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Privacy Perspectives | Credit washing is dirty business Related reading: US sens. unveil new federal privacy legislation




Many consumers fall behind on credit bills. Whatever the reason, a string of “late payment” letters often signals a person’s credit score is taking a big hit, as well. Many companies purport to offer a solution: File a claim with your lender that you’re a victim of identity theft, stating the account isn’t yours, and you will get a quick boost to your credit score. What’s more, if you stick with it, you might be able to get your delinquent account completely removed from your credit report, freeing yourself from any obligation to repay.

Sound too good to be true? Unfortunately, this scam is all too real. It’s called “credit washing” — as successful attempts effectively wash clean a person’s credit history of one or more bad debts — and is a growing problem for financial institutions, as well as for legitimate victims of identity theft.

At its heart, credit washing exploits protections U.S. Congress included in the Fair Credit Reporting Act designed to aid victims of identity theft. Under that law, if a consumer is a victim of alleged identity theft, they can alert the financial institution or any of the nationwide credit bureaus, which are required by law to block the reporting of the disputed account — called a “tradeline” — within four days. Granted, such a request from a consumer can be refused or later revoked if the institution can prove a misrepresentation, but that is not always possible in the narrow window of time granted by the law and the institution’s likely inability to determine malfeasance. When a delinquent trade line is not factored into a credit score calculation, that score can rise.

Sophisticated scammers will take advantage of the newly washed and improved credit score and quickly apply for new credit, beginning the cycle anew: Go delinquent, claim identity theft, get new credit at a different bank, max that out, claim identity theft. Rinse and repeat.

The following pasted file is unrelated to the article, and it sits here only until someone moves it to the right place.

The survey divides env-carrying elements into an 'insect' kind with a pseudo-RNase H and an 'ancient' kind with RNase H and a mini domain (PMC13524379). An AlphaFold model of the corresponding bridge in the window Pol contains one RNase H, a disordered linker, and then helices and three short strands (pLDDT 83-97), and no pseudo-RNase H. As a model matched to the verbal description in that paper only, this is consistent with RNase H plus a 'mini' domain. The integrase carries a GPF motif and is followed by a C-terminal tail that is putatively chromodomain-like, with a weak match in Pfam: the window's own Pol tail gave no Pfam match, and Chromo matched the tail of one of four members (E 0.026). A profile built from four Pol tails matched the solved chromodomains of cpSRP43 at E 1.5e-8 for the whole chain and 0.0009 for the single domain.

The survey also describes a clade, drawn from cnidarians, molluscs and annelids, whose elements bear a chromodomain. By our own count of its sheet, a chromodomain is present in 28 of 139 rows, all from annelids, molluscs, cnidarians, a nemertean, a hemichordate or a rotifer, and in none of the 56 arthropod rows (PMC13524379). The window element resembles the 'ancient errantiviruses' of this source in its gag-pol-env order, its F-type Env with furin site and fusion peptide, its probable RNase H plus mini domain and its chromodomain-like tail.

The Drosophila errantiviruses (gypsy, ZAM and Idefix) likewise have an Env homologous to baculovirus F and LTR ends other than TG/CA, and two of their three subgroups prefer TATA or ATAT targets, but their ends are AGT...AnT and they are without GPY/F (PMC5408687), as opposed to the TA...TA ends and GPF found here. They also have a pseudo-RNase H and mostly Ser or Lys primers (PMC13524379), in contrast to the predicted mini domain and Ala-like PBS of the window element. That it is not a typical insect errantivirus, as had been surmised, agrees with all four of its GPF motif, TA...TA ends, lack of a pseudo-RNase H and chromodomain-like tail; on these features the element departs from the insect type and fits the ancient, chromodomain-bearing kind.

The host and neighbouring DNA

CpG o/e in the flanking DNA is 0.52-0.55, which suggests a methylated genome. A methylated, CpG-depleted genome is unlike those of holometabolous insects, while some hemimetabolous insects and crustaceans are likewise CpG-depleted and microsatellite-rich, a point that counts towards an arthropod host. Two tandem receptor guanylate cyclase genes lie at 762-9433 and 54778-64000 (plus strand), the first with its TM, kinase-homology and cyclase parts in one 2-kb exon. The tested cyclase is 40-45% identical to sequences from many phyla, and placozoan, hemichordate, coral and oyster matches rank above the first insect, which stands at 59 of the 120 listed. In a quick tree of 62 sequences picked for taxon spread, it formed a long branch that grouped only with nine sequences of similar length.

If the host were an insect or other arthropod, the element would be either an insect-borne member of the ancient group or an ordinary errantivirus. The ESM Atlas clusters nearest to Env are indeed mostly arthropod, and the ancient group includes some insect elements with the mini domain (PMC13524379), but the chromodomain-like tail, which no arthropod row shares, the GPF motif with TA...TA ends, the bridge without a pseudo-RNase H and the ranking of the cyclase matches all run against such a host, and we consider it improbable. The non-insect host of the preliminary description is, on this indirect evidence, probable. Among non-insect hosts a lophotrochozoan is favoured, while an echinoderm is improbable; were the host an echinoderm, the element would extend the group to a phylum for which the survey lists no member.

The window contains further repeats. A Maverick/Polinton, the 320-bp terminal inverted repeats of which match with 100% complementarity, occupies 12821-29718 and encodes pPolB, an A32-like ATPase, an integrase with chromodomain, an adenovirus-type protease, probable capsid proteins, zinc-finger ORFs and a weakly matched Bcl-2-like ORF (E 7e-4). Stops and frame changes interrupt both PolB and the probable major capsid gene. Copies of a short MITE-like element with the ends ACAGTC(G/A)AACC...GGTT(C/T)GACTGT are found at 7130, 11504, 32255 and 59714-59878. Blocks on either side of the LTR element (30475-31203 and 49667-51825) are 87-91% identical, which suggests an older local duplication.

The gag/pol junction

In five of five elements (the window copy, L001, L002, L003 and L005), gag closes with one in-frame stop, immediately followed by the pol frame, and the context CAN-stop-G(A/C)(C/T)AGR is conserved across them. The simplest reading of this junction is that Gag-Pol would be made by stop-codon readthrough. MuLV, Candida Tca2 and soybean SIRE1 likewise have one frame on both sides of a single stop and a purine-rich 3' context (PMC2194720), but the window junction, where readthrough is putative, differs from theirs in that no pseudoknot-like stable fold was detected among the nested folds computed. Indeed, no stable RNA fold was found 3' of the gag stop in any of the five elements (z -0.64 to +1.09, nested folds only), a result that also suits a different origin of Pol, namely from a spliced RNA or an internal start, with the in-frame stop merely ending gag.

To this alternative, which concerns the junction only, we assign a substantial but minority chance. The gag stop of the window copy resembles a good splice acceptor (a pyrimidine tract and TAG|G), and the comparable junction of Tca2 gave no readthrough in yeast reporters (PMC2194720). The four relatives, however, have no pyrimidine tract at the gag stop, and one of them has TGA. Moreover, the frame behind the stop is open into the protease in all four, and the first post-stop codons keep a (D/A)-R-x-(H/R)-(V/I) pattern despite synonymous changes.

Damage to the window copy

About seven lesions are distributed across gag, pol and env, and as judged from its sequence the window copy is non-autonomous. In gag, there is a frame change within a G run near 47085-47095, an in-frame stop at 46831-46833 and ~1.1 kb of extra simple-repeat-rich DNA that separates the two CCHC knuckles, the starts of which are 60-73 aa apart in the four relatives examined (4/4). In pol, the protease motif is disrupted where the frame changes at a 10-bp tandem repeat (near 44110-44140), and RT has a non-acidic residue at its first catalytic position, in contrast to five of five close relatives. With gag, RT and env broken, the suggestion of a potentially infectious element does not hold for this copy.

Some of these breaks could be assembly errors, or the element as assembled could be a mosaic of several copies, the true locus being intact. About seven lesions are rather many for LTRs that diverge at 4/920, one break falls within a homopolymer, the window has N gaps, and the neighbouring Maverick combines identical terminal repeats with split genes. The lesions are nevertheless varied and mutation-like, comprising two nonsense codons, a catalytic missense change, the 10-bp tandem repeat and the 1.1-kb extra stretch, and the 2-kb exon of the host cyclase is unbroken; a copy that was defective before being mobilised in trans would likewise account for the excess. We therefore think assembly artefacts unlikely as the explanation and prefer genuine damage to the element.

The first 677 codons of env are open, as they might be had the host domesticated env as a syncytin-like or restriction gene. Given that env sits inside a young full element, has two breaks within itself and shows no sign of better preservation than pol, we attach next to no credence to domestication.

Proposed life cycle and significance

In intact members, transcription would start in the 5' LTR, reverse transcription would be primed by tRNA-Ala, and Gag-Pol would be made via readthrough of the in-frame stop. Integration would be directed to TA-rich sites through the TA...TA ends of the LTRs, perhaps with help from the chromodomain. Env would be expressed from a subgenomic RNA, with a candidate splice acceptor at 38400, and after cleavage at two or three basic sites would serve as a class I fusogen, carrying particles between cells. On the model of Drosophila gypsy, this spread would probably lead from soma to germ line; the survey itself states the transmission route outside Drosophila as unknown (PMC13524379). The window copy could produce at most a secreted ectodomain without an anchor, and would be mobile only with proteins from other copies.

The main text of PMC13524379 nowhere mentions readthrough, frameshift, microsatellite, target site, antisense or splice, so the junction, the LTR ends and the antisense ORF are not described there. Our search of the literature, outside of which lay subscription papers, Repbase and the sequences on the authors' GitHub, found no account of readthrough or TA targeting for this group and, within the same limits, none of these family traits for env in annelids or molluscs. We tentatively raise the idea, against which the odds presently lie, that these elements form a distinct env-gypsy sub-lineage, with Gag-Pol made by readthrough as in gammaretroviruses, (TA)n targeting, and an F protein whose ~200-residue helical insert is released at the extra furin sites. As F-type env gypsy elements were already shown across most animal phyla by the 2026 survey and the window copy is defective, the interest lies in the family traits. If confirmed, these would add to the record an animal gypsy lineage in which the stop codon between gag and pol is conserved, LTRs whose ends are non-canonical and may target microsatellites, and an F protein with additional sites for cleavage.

Over the past few years, financial institutions have seen a spike in the number of disputes on delinquent trade lines, with some reporting close to 1,000 per month. Looking back, this trend appears to correlate with a change made by the Federal Trade Commission, which provides the “identity theft report” a consumer can mail in to exercise their previously mentioned rights under the FCRA. In 2017, the FTC made it easier for victims of identity theft to exercise their rights by removing the requirement that a police report had to accompany their claim of identity theft. While this change was good for legitimate victims, it also made it easier for would-be credit washers, enabling them to take advantage of the system.

For an actual victim of identity theft, becoming one of 1,000 similar monthly reports a bank must investigate makes getting the high level of focused attention she deserves difficult. While the immediate credit score protection afforded by the start of the FTC process is nice, a victim likely has more significant issues to resolve, like determining the full extent of the damage, both financial and emotional, the identity theft has caused to their life. When resources are stretched thin, dealing with credit washers puts true identity theft victims at a distinct disadvantage.

Last year, the FTC drew attention to its own data, noting significant increases in reports of identity theft, as well as patterns indicating abuse of the resources available at Additionally, the FTC and Consumer Financial Protection Bureau have increased their focus on credit repair schemes through enforcement actions and consumer advisories. Unfortunately, these efforts have not curbed the abuses.

To start, tackling the problem requires industry stakeholders to address two key priorities: First, define the issue by identifying a common set of patterns that indicate credit washing but exclude true identity theft victims; second, use those findings to accurately describe the size and scope of the problem and quantifying its financial cost.

While more work needs to be done, we’ve already learned some interesting behavioral trends: Repeat credit washers will proactively call their bank to request a credit line increase, and any new credit they’re able to obtain is often maxed out within weeks.

As our examination of the impact of credit washing on the financial industry continues, one thing is clear: Policymakers will need to work with the industry to find innovative ways to stem the flood of credit washing cases, making it harder to scam the system, while ensuring legitimate victims are afforded the protections they need.

Photo by on Unsplash

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